My Uncle Bob, when he was returning to Larkhall would say “Back to the land of Sugartops.” For those not born in Larky, a sugartop was a Saturday morning staple. It was a bit like a flattened roll with sugar syrup on top. The syrup acted like an adhesive to hold the lump sugar on top. You spread butter on the flat bottom of the sugartop (unsalted butter was best) and ate it for breakfast on a Saturday. As far as I know, they were only made in Larky and then only by one bakers, Eadie’s which closed a long time ago and took with it the sugartop. If Larky was the land of the sugartops, Lisbon must be the land of the Portuguese Custard Tarts. I know you can get them in Costa’s in the UK and I’ve seen recipes for them in books, but nothing comes close to the Lisbon Custard Tart. With that in mind, our first stop once we alighted from the bus was the tart shop. Scamp remembered how to get there and flew as straight as an arrow to the cafe. Two custard tarts, one sprinkled with cinnamon (for me). One sprinkled with icing sugar (for Scamp). Two coffees, one white, one black. Cost? €4.50! A bargain in anyone’s book. You eat the tart and drink the coffee standing at a shelf in the cafe. There are no seats. It’s a eat an go thing. Maybe Eadie’s in Larky should have adopted that strategy with sugartops.
After our second breakfast we wandered round the squares of Lisbon. By the way, when we were at the breakfast table in the restaurant this morning, it caused great hilarity when I said we were off to find some tarts in Lisbon. I can’t see why. We walked up and up and up the hill to see the view from the top. On the way I listened to a girl singing and playing a spanish guitar. A dangerous thing to play in Portugal I’d have thought. The don’t have much truck with their bigger neighbour. A bit like Scotland and England, so I can understand their mindset. Anyway, I listened to this girl playing and singing and I quite liked what I’d heard, so I bought her CD for €5. Then it was time to start on the upward trek again. The view from the top when we reached it was great. I remember it from the last time. The easy way to get up to the viewpoint is to take the funicular tram. We chose to use this tram to get us down to the level of the three central squares. It only takes about five minutes to complete the downward journey and halfway down you meet the other tram coming up. Very neat and orderly. I don’t know if they use the downward tram as a counterbalance for the other one coming up to safe energy or not, but it’s a gentle way to spend five minutes on these veteran trams.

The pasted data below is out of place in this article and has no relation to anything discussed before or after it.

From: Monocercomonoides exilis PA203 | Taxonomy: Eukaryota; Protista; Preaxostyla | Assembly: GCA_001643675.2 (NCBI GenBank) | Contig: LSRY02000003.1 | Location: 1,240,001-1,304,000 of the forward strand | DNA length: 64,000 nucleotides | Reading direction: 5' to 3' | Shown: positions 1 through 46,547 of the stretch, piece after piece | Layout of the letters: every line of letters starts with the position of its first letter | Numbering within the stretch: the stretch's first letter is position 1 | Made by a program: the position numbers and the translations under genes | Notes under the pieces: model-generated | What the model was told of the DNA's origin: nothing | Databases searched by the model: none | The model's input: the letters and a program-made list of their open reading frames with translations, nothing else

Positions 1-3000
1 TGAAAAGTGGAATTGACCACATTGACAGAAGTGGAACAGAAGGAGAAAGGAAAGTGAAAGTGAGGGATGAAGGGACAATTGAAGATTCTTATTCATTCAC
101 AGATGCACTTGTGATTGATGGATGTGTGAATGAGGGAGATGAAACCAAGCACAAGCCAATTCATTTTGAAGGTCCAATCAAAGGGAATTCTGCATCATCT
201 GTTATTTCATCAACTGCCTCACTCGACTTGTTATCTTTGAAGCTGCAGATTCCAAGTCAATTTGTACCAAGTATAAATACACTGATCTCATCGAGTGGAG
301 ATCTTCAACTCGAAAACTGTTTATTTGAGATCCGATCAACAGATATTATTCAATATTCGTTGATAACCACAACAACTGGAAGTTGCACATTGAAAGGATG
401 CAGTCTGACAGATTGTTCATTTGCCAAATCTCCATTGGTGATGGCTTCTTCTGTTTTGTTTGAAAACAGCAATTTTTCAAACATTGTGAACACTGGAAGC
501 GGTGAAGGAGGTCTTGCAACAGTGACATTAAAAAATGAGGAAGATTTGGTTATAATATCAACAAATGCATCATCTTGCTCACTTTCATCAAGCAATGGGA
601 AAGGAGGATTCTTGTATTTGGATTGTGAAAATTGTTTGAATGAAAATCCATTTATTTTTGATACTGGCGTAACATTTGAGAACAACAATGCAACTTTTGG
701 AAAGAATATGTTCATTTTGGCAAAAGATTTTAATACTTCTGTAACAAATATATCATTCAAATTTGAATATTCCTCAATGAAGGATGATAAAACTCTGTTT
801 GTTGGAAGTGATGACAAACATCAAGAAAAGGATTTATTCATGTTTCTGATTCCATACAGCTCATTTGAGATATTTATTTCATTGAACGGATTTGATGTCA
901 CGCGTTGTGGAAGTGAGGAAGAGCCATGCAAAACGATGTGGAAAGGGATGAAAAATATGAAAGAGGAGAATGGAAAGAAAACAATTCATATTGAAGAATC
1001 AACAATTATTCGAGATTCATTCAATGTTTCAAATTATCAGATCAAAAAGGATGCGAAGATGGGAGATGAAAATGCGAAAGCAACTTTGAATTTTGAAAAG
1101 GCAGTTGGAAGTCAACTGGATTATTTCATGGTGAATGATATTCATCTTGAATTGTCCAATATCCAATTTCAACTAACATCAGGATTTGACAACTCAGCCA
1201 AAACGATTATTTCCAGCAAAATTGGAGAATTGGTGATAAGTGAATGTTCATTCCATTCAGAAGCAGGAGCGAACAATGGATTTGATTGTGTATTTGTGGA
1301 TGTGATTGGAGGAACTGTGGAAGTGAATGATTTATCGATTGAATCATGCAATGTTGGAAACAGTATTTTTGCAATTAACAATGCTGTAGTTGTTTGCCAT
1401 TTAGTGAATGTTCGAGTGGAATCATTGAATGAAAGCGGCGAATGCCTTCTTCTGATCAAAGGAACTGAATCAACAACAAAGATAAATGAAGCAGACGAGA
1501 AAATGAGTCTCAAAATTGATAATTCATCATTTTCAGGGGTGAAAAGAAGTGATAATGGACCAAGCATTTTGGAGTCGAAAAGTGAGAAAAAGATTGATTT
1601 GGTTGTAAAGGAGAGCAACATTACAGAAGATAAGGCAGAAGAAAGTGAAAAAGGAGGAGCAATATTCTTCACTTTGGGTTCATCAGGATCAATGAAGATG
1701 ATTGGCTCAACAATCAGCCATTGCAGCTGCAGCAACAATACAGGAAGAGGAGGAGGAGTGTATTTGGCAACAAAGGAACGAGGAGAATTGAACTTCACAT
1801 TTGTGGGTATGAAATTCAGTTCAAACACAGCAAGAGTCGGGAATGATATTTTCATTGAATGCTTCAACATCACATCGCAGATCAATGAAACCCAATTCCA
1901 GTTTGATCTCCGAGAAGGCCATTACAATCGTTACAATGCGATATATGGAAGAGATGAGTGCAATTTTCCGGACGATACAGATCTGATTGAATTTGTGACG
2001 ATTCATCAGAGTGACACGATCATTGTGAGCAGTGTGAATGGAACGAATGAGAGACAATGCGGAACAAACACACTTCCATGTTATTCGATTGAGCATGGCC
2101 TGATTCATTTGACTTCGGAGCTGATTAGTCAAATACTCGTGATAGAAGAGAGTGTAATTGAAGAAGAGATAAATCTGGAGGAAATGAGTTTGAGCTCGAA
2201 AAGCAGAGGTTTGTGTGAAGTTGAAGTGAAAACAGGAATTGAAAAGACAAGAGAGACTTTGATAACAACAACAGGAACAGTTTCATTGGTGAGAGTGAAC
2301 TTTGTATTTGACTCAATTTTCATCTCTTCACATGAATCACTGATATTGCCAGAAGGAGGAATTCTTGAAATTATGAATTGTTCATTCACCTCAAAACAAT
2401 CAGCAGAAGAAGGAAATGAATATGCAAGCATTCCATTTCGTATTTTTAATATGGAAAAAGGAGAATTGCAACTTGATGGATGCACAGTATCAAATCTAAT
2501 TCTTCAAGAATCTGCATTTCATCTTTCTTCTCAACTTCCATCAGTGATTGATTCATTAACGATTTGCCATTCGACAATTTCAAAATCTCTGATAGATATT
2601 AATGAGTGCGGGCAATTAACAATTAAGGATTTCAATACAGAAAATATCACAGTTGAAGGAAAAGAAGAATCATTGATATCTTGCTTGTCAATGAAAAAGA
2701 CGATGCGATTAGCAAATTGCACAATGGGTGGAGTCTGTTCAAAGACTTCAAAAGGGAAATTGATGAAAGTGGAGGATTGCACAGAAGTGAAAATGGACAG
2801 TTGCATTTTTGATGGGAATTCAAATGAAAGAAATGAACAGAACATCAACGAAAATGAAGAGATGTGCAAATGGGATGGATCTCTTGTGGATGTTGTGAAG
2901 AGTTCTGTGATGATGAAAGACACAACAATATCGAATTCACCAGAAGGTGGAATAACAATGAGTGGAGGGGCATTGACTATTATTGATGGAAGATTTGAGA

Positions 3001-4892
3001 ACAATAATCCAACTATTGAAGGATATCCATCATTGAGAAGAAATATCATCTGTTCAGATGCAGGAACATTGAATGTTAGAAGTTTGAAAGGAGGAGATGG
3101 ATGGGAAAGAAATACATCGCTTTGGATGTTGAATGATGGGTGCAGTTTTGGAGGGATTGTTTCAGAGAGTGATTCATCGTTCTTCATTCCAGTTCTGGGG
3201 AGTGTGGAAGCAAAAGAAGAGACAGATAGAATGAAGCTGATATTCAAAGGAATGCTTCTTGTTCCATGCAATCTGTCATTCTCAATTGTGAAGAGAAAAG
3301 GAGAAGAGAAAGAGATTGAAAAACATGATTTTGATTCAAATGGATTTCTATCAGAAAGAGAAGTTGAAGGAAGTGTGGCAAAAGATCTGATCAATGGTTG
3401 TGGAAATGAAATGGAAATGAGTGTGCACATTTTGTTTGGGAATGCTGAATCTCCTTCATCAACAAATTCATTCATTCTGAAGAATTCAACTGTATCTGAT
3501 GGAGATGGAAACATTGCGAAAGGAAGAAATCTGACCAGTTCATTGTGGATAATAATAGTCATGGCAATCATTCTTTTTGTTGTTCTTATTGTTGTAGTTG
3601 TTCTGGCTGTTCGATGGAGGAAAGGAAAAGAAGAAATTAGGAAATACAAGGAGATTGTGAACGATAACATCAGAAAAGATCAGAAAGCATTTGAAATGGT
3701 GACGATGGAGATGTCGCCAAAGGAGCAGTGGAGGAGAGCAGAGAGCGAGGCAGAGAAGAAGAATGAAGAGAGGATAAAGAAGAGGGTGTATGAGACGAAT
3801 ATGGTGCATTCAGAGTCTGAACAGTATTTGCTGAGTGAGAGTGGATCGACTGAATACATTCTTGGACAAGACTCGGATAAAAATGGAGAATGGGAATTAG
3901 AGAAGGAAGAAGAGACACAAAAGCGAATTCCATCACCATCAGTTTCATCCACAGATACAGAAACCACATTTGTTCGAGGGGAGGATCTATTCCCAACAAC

I like Lisbon, we both do, and not just because of the custard tarts either. The city seems as if it’s stuck in a timewarp. Some of it looks quite Victorian, some of it harks back to the ‘50s, but not a lot of central Lisbon is modern. The train station which also houses Starbucks has a lovely Art Nouveau frontage. Possibly the poshest Starbucks I’ve ever seen. Just along from Posh Starbucks is a tiny wee shop that is always seriously locked up with steel shutters on the door and behind the windows. In the window is a wide selection of wicked looking knives. Best of all though is the advert on the side for pistols, carbines, rifles and ammunition. I wouldn’t be surprised if they could furnish you with an AK47. They used to also sell fake, but very convincing police ID in a variety of nationalities. They no longer have them in the window, but that doesn’t mean they don’t sell them inside.
Back at the ship we found a small pool at the stern and settled into sunbeds there, only to find that we had left the oversize towel pegs at home. Scamp thought I’d packed them and I thought she had. Oh dear. Maybe we’ll find a Lakeland at Gibraltar tomorrow and get a new set. They’re so useful for attaching your pool towel to your sunbed.
We stayed there until we sailed away from Lisbon for this year. Hopefully we’ll be back. As we sailed under the combined road and train bridge on our way out of Lisbon, I thought back to 6am this morning standing on the deck in my shirt sleeves freezing in the chill wind photographing us going under it on the way in. It’s still impressive and it gives you a sense of scale of the ship seeing the minimal clearance between the top of the mast and the underside of the rail bridge part.
Show tonight was “Blame it on the boogie”. Least said the better. Not so much Boogie as Boggin!
Much later arrival in Gibraltar tomorrow, 11.30am.